September- Back to school, the beginning of colder, darker evenings and the changing colour of the leaves…
It also means the road to Oscars 2018 has begun and screenings at Telluride, Venice and Toronto Film Festivals give us a sneak peek into potential awards nominees! Horray!
I will have to wait until the BFI London Film Festival next month before I get a piece of the gala action (I look forward to sharing with you!), but before festival fun, I wanted to share my review of God’s Own Country, as I suspect this movie will be a top contender at BAFTA 2018.
What strikes me most about this stunning British debut feature by Francis Lee is that this beautifully made movie is his first feature-length. Written and directed by ex-television actor, Lee, God’s Own Country is the tale of a Yorkshire sheep farmer whom, against his own prejudices, falls in love with the migrant man working on his family’s farm.
This is a star turn by Josh O’Connor (The Riot Club), who plays our protagonist, the bitterly frustrated Johnny Saxby- a character who has to take responsibility for the future of his family’s farm when his father suffers a stroke.
To prepare for their hands on roles, Turner and his love interest Gheorghe (Alec Secareau) spent several weeks having to do real farm work, displaying Lee’s vision for an authentic portrayal of isolated and gruelling farm life. Lee himself grew up in a farming family and his experiences inspired this piece of work.
Whilst many will inevitably draw comparisons to Ang Lee’s Brokeback Mountain, in my opinion, it is a standalone picture and displays many themes of a modern day ‘Brexit Britain’, particularly in Johnny’s initial reaction to working with a migrant and from the prejudice Gheorghe receives from members of the small community.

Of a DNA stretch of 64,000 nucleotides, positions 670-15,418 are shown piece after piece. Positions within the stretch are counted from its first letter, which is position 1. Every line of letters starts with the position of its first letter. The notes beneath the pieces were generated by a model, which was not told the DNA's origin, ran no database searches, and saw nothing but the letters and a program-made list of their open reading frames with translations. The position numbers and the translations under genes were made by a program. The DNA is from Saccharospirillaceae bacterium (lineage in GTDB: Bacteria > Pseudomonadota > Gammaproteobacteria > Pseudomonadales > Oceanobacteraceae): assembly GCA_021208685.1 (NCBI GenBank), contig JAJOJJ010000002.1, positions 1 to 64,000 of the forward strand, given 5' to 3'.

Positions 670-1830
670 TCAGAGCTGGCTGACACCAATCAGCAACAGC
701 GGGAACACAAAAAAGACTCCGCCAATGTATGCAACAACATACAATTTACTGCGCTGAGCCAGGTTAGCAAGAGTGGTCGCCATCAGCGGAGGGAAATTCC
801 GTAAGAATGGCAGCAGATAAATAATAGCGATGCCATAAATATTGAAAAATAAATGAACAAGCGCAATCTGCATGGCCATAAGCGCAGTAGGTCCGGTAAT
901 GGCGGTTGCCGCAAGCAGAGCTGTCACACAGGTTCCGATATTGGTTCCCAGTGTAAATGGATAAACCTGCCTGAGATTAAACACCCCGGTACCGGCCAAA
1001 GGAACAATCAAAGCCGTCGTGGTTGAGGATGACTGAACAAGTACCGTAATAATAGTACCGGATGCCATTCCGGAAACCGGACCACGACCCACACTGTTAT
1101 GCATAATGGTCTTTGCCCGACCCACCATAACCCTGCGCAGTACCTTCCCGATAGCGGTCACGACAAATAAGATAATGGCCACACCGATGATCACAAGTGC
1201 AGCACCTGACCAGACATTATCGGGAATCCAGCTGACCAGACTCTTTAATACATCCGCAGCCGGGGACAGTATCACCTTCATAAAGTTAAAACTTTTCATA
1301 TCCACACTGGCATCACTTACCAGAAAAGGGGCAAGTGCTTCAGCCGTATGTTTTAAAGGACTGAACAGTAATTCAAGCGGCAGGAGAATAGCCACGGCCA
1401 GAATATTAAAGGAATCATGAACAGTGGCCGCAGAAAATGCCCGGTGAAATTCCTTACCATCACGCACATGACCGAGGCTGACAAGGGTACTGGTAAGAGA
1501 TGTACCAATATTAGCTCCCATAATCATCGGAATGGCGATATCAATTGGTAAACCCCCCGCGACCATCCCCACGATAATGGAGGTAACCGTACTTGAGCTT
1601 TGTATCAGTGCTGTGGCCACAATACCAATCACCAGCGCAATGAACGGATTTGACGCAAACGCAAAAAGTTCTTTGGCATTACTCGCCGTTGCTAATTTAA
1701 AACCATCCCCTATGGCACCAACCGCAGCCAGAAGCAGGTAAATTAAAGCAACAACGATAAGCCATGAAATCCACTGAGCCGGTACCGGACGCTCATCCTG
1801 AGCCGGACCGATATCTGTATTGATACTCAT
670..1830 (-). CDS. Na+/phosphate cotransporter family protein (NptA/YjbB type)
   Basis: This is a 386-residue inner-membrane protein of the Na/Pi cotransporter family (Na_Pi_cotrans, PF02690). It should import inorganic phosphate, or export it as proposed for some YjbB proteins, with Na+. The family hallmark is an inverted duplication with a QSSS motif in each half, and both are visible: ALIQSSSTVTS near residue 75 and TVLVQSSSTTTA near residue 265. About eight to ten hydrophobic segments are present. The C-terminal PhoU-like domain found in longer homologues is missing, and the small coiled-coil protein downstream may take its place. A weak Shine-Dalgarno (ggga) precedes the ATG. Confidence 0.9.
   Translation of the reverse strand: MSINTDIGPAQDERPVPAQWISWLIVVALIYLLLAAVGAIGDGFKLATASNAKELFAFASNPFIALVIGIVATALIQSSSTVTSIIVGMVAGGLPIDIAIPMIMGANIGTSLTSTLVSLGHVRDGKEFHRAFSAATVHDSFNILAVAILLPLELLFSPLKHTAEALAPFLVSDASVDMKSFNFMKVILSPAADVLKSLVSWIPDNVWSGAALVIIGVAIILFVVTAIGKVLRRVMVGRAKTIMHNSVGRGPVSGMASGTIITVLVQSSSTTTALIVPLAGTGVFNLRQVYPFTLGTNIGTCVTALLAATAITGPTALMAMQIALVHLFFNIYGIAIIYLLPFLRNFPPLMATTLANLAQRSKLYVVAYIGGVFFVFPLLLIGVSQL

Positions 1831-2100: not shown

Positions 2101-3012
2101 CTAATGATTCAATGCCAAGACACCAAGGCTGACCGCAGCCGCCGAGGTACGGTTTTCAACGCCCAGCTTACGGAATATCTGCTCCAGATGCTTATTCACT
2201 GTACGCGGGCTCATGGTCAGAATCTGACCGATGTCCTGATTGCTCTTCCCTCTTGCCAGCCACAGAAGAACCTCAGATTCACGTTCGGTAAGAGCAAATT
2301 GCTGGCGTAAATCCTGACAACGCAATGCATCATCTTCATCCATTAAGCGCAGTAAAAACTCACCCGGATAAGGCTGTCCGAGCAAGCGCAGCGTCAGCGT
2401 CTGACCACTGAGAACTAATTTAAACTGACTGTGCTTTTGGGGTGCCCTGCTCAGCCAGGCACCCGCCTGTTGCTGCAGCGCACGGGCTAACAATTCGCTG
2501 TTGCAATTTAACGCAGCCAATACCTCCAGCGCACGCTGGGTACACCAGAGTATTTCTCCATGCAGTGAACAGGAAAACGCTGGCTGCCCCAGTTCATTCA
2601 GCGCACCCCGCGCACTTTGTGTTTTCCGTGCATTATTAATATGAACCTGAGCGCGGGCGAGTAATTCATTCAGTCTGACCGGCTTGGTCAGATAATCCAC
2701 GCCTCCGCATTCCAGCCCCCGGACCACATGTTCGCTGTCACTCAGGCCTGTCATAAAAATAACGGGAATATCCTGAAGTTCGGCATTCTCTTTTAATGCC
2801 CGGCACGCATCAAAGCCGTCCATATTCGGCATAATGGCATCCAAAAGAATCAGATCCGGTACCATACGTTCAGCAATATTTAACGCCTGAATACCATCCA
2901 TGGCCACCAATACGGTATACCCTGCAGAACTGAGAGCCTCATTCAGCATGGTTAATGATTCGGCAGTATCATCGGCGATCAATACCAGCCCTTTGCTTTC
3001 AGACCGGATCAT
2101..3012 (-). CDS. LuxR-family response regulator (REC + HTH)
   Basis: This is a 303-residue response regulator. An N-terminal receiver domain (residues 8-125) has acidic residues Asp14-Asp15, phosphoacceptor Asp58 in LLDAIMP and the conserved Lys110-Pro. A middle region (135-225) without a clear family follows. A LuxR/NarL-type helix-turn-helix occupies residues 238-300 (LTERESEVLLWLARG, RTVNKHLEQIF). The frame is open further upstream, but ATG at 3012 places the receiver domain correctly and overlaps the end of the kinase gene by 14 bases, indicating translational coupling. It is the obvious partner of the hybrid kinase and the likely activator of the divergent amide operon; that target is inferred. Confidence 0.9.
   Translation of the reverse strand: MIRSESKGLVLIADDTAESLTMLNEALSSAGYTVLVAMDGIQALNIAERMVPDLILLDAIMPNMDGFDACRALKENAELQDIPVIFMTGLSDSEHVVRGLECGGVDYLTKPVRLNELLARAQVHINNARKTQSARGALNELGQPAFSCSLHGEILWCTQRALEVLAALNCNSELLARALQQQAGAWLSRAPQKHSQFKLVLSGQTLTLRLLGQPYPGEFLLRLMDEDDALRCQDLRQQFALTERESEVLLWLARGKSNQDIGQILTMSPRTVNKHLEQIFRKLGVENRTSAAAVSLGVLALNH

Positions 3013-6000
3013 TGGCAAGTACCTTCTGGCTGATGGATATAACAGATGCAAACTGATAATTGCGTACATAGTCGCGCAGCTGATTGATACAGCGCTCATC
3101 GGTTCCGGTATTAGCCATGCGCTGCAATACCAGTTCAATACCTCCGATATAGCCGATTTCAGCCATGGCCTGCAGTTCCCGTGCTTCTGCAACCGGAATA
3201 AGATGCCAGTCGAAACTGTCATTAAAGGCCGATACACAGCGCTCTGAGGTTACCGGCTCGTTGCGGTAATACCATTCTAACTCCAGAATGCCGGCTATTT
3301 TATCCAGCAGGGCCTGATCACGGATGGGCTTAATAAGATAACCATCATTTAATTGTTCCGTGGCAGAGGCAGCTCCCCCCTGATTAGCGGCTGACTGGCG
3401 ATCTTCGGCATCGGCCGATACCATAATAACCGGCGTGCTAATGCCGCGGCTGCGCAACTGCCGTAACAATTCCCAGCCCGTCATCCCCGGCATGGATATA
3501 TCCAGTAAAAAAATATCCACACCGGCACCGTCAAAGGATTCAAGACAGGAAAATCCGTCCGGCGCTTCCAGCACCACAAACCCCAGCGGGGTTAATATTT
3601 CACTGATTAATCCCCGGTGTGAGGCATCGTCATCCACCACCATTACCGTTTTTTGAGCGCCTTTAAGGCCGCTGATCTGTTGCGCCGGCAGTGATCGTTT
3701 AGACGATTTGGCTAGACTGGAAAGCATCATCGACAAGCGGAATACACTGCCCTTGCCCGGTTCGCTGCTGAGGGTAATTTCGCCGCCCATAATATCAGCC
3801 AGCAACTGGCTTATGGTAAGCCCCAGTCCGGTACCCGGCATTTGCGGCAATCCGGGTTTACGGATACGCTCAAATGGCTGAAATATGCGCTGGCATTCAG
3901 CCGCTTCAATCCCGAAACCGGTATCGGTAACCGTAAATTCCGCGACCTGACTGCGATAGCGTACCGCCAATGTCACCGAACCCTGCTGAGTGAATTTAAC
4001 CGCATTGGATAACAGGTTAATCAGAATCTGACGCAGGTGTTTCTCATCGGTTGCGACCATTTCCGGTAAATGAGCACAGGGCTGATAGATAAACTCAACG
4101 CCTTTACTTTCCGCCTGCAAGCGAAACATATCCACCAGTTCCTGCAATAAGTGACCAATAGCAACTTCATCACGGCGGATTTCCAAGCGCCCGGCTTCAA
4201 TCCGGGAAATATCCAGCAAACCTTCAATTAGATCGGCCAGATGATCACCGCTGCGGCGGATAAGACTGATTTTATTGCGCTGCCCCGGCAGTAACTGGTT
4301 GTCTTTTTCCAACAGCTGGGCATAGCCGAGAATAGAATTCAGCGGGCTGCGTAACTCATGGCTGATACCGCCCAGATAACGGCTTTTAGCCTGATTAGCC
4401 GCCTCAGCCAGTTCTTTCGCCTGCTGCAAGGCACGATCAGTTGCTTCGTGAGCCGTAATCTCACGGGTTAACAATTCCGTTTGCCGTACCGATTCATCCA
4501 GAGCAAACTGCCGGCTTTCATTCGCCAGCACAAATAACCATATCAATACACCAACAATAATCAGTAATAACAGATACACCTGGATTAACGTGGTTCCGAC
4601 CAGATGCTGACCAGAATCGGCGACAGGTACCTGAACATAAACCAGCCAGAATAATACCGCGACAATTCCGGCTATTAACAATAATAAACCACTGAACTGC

The beauty of God’s Own Country is in its honest depiction of love. Unlike other representations in movies, Lee displays love with a subtle tenderness and against such a masculine backdrop, there is a gentle vulnerability respectfully captured. The dialogue is minimal but with a blend of delicate body language, uneasy silences and irresistible close-ups of the eyes of our characters, the devices give each scene a lot of emotional power.
The landscape is a character in itself and shot in a way that lends itself to the narrative of isolation experienced by Johnny and Gheorghe perfectly. Not just in their working lives, but personally too. A critic noted that you can almost smell the mud- and I would have to agree. The movie is earthy and completely sincere, not just in its harsh representation of farm life but in the subtlety of falling in love.
God’s Own Country may not be enjoyed by everybody and some scenes can make for some intense viewing, however, it is an important, intelligent film that finally gives gay relationships the respect they deserve on screen. This is British moviemaking at its finest.
Thank you for reading my review!
Have you seen God’s Own Country and if so, do you agree with my thoughts? It would be great to hear your comments in the box below.